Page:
I've also found that the PN students I've had on my floors not only knew much more at clinicals than their RN counterparts, but were more apt to ask to help with or witness procedures. That may be because the PN students seemed a bit older and may have had families to support, and took school very seriously. I'm not knocking the RN students, but as a whole, to my experience, they seemed younger and talked about "going out partying" and "what mom made for dinner last night", while the PN students didn't chit chat, they seemed very intent on learning.
    Again, this may be why they chose the PN program, as many in my class worked full time while attending school from 8-3 everyday and also had families at home to cook, clean, and spend time with. I myself chose the PN program as a jumping off spot, planning on going for my RN in the future when I have more time, more money, and the ability to put much more time into the studying I'll need to do. The PN program gave me marketable skills, for the shortest, tho most intense, period of time.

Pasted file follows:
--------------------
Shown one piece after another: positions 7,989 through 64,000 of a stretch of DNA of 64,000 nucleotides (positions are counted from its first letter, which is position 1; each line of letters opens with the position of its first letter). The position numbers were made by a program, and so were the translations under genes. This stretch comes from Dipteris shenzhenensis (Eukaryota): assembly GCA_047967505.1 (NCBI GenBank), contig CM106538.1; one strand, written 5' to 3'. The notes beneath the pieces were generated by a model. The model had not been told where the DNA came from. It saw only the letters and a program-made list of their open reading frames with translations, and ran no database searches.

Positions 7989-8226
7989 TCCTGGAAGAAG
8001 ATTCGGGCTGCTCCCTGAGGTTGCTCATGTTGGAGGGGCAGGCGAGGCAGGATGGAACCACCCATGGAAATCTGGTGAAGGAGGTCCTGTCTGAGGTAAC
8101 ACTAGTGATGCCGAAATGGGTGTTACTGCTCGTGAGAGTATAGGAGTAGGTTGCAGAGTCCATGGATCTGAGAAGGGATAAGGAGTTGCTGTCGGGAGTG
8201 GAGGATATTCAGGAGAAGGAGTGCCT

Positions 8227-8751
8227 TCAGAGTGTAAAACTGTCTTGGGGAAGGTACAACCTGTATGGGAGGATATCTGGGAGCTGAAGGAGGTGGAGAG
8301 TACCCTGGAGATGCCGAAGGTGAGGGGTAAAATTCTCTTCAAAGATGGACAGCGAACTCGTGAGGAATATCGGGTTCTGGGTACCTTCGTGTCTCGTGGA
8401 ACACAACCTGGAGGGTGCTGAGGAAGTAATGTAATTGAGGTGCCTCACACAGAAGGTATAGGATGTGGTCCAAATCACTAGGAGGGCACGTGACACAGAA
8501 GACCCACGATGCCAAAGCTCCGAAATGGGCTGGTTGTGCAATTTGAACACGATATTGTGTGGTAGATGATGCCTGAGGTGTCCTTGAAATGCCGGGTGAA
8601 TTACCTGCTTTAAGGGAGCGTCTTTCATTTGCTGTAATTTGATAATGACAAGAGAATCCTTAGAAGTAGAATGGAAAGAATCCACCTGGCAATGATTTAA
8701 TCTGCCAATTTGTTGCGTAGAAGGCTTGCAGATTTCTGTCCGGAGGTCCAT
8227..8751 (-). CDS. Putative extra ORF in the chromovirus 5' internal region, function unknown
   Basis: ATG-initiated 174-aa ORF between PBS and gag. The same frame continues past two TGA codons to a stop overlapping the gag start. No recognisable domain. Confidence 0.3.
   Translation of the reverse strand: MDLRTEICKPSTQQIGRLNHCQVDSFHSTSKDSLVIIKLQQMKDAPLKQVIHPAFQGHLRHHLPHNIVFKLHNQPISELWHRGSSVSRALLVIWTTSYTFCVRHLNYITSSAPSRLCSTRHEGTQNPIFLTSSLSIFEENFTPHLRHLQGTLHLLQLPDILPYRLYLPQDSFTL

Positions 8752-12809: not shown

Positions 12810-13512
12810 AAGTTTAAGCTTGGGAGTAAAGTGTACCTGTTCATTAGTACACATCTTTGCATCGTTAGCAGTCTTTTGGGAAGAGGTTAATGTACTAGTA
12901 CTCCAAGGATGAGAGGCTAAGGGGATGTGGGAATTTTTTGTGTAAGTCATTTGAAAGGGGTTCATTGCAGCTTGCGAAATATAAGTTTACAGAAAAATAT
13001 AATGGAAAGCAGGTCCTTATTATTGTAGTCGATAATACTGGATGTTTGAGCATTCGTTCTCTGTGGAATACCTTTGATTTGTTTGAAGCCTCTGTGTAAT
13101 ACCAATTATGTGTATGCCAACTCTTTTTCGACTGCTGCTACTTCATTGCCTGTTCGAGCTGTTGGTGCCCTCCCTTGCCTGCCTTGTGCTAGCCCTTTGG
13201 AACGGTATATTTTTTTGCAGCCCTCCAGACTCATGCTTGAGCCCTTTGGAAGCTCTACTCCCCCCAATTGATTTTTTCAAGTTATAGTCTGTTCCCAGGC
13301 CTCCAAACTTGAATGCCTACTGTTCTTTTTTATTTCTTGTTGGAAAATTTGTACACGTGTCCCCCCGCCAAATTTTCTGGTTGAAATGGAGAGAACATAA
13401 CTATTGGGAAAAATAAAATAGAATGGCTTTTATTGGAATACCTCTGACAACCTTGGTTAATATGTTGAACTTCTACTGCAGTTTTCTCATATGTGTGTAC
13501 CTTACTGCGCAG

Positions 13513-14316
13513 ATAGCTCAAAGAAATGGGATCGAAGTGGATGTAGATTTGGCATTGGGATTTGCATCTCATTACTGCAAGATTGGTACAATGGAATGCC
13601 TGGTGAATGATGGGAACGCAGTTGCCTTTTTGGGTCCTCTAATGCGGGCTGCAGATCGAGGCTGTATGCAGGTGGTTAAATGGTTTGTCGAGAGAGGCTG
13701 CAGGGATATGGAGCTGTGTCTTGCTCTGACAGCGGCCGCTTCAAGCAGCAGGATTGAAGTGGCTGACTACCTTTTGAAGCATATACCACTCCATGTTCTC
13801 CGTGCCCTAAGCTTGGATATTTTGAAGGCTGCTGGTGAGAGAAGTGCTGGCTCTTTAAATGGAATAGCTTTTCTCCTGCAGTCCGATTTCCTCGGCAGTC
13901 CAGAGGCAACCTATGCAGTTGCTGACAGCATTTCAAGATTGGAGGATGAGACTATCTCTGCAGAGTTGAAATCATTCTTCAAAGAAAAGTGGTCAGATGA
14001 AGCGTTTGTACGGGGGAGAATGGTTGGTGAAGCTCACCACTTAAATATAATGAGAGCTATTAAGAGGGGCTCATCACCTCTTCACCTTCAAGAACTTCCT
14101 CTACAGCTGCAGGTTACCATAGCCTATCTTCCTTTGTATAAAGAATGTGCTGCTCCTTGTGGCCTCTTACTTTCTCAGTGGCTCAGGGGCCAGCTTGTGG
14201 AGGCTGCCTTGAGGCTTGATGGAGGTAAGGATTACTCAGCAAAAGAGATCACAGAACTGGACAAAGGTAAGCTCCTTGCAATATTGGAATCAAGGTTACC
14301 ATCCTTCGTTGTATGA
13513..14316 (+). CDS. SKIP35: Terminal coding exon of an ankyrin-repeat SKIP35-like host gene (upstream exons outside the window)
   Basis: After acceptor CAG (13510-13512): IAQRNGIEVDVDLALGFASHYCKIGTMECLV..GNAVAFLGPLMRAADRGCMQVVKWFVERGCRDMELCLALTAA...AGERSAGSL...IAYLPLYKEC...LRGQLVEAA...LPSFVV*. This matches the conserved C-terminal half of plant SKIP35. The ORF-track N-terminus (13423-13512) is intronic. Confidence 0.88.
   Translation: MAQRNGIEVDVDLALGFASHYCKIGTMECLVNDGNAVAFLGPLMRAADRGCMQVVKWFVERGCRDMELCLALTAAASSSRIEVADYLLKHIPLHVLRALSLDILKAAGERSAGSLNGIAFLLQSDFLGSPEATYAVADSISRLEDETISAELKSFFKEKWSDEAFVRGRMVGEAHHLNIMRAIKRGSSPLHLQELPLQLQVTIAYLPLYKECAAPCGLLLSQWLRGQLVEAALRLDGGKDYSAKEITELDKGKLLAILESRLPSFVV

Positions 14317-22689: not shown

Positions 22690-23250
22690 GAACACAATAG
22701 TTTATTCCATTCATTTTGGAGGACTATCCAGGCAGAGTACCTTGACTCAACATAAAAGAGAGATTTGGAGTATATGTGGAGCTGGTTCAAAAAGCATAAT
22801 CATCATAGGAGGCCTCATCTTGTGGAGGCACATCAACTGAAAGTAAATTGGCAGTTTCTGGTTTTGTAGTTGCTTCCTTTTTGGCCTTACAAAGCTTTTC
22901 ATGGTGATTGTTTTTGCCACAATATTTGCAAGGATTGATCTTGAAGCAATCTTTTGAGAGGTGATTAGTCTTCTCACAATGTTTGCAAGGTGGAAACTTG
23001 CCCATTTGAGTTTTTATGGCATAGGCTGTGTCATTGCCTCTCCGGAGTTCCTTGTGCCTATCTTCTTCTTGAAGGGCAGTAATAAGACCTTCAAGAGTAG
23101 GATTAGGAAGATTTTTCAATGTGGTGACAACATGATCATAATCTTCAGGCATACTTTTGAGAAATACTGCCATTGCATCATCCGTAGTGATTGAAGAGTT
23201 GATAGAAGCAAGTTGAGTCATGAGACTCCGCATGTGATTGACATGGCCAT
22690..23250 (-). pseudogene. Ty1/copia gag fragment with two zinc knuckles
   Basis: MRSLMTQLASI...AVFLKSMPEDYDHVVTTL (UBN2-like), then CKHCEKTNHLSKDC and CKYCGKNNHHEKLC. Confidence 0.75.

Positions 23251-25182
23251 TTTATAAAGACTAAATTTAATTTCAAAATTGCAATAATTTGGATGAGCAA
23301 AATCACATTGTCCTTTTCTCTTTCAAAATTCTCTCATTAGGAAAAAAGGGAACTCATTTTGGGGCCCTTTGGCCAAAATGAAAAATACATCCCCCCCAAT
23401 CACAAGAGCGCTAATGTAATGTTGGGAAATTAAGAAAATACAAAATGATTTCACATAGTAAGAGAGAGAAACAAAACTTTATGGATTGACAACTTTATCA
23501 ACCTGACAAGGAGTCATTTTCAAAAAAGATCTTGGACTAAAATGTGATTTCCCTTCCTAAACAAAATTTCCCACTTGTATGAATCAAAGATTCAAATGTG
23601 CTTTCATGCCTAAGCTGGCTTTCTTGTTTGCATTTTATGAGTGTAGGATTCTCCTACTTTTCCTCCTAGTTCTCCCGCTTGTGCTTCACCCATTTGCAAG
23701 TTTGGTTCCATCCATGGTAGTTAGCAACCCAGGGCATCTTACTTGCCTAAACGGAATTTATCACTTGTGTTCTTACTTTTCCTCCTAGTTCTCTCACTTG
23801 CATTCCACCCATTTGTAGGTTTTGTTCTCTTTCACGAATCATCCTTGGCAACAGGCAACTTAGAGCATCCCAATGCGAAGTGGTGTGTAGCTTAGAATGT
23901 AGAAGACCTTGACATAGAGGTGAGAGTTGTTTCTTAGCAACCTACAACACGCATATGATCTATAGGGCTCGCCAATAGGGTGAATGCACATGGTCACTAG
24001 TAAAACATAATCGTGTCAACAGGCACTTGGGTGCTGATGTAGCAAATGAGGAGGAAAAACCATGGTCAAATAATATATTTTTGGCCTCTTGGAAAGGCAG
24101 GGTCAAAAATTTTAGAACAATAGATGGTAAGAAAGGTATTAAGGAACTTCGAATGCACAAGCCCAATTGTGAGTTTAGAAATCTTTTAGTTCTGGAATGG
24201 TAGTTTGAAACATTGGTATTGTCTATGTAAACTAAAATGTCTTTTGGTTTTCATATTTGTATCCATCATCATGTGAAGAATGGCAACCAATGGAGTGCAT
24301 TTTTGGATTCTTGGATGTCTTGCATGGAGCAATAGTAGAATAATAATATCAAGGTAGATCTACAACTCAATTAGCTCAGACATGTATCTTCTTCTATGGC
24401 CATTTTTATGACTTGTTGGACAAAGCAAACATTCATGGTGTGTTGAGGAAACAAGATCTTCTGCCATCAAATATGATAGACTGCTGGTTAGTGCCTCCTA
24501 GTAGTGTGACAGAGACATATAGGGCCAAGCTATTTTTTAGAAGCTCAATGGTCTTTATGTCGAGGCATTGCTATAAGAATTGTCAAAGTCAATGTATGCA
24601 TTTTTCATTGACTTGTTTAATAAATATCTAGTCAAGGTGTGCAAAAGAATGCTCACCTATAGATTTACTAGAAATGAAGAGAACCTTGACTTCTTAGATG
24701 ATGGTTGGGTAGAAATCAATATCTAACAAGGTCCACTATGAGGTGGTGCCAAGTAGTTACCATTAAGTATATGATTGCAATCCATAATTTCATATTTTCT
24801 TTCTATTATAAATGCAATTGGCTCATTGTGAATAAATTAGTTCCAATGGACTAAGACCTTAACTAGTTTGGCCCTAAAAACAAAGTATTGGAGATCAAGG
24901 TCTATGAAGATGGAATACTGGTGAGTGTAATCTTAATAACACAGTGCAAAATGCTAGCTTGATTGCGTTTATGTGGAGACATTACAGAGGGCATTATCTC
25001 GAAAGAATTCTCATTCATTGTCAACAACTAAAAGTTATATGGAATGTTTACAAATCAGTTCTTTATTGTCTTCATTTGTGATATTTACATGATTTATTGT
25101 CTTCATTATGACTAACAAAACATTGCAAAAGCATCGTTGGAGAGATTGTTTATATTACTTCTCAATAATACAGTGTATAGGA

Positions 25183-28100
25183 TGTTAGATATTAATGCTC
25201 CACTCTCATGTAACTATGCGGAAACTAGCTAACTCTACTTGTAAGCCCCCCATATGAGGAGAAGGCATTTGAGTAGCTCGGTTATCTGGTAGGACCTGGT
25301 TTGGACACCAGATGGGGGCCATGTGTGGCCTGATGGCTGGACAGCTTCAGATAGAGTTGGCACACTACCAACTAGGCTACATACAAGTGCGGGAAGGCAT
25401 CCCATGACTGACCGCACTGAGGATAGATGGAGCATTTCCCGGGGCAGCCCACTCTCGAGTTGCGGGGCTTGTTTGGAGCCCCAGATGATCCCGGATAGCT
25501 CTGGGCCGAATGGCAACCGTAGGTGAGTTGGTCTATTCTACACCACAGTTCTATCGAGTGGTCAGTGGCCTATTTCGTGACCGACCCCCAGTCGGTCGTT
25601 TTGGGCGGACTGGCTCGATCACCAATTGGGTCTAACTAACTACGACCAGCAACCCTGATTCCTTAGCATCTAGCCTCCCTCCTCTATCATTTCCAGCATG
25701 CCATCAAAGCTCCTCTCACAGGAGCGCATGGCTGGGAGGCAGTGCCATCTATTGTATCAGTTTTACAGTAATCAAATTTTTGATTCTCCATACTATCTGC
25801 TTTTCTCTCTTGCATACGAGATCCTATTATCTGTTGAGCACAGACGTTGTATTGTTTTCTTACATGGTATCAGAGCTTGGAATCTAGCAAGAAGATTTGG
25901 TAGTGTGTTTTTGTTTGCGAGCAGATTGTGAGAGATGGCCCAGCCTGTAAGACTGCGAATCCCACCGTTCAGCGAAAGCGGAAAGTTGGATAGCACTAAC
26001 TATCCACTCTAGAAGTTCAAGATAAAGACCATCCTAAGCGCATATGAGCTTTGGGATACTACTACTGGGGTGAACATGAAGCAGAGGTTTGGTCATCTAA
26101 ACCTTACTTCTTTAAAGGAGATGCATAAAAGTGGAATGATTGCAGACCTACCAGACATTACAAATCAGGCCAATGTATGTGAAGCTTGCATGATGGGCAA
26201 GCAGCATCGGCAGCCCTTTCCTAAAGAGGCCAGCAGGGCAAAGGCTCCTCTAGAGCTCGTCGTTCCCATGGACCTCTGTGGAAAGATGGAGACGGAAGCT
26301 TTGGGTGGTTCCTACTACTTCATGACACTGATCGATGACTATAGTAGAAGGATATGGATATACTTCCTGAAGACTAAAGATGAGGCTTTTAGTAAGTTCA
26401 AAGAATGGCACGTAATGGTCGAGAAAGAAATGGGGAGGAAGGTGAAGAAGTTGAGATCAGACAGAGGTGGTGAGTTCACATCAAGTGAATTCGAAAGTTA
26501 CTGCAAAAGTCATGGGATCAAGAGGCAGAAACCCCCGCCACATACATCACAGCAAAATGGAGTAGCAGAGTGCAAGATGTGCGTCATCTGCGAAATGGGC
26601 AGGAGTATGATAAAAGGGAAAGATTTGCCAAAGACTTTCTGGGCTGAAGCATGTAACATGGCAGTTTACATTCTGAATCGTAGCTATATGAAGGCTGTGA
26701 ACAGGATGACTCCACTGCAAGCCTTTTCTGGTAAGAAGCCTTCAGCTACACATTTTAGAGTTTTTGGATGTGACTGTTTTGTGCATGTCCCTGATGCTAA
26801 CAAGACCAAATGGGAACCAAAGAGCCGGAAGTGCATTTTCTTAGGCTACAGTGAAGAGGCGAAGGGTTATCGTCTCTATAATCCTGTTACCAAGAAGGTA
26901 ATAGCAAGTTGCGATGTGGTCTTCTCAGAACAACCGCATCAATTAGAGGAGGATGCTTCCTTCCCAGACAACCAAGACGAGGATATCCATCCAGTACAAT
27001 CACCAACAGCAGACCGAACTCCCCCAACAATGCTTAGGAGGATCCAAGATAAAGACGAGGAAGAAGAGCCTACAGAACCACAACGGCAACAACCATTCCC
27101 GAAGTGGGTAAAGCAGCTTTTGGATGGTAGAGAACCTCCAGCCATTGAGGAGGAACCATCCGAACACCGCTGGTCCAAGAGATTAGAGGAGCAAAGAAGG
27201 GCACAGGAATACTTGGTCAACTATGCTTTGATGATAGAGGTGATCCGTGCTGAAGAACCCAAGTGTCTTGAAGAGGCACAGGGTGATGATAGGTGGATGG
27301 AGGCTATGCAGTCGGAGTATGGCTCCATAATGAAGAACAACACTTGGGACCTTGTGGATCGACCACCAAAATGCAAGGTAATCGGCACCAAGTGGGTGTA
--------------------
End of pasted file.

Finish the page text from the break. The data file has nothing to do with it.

As for my PN program, we had clinicals from week 2, to the week of graduation a year and 3 months later. We attended clinical 3 days a week, from 6am to 3pm, and had classroom from 8am to 3pm on the other two days a week. It's true we had off for the summer, but additional classes in Pharm were offerred, and most of us took them. Our clinicals ranged from med-surg, OB/GYN, NICU, Ped's, Ortho, MH/MR, Tele, OR, and had several observations in drug/alcohol dependency, emotionally and learning challenged children, School for the Deaf, etc.
    From my understanding, and from what my RN friends have told me, they never had an 8 hour day, either in the classroom or on the floor. That may vary by geographic area, and I'm only speaking for the area I went to school in.